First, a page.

The City of Fort Collins (Colorado) recently completed construction of a tunnel underneath BNSF Railway tracks to connect more than 30 miles of trails. The prospect of tunneling under an active rail line is a pretty big deal, and the railroad had strict requirements. The original concept of the tunnel was modified by the contractor and their engineer to utilize secant pile retaining walls to allow the construction of the portals closer to the rail line and decreasing the overall tunnel length. The tunnel was constructed by BT Construction and Lithos Engineering was their design engineer. Yenter construction was responsible for the retaining walls, including segments of sheet pile wall used to start things off. Anderson Drilling constructed the shafts for the secant pile wall and for the thrust wall. Read more about the project at TBM.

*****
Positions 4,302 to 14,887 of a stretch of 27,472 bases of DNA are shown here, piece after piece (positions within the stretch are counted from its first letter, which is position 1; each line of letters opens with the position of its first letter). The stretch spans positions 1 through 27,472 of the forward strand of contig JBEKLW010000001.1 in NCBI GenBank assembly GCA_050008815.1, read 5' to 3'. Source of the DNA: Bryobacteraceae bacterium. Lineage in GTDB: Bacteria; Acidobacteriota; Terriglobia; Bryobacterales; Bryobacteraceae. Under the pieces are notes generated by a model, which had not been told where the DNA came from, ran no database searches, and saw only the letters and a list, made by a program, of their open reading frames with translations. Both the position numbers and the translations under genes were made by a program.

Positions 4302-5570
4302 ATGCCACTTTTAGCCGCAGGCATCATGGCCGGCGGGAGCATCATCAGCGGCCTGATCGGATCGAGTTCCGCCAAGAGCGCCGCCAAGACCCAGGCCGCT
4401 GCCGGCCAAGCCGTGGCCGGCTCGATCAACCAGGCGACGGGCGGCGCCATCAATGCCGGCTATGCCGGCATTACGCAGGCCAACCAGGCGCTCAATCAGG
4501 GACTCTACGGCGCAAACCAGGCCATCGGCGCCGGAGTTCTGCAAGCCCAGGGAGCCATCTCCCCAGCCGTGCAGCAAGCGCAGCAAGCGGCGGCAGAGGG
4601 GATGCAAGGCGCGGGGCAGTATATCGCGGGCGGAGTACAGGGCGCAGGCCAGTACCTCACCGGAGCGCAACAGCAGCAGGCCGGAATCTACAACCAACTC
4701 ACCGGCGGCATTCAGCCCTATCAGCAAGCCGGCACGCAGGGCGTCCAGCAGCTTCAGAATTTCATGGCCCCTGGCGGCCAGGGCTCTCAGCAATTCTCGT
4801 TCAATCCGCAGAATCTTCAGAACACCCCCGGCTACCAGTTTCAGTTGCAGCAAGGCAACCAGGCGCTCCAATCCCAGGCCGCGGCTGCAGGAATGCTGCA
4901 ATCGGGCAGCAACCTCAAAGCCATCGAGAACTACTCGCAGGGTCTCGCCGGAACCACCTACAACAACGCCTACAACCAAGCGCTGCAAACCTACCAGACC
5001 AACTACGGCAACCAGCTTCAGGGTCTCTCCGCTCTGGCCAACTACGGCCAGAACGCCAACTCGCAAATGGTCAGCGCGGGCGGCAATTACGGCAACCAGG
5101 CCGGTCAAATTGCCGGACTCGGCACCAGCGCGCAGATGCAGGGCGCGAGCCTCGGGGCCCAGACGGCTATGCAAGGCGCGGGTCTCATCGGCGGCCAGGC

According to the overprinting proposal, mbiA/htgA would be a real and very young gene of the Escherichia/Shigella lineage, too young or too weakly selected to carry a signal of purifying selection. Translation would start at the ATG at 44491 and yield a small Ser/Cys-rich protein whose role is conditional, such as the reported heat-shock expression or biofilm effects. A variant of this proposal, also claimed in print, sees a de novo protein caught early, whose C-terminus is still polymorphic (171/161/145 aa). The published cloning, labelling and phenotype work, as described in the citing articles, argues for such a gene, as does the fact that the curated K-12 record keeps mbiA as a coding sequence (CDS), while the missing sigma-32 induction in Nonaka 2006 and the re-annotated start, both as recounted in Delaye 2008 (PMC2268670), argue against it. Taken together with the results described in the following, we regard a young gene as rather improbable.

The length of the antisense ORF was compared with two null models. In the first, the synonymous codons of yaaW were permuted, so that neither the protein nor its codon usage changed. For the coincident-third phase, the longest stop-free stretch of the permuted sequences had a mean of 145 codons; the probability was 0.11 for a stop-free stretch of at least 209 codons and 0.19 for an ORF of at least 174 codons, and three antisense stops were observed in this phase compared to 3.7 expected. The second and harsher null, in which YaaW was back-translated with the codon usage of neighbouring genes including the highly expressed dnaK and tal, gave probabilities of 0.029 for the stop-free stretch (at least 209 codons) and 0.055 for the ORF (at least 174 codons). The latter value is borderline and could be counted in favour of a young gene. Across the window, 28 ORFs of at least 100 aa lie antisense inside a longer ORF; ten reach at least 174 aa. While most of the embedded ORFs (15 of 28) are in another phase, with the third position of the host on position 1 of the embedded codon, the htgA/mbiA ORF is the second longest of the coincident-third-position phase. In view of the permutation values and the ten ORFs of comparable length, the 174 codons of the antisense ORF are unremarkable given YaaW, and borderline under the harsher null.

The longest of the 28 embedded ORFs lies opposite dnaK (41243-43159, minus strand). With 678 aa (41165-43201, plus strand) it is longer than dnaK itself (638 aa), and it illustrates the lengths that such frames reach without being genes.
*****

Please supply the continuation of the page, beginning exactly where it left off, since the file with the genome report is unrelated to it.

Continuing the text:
The Seattle Times (hat tip to ASCE SmartBrief) has reported that seven voids have been discovered above the Beacon Hill Tunnel with one opening up at the ground surface. The tunnel is being constructed by Sound Transit, the area’s transportation agency as part of a roughly $2.6 billion (yep, billion) light-rail project connecting downtown Seattle with the University of Washington and SEA-TAC airport. The voids were a result of running sand pockets in the otherwise stable clay units that were encountered by the tunnel boring machine or TBM. These voids migrated up like a chimney with one reaching the surface, almost 160-ft above the tunnel. This void was apparently 21-ft deep and opened up in a resident’s front yard and could have easily swallowed her up as she noticed it while gardening. The other voids were discovered at a depth of 20- to 65-ft below the ground surface. More after the break. (Illustration from Seattle Times)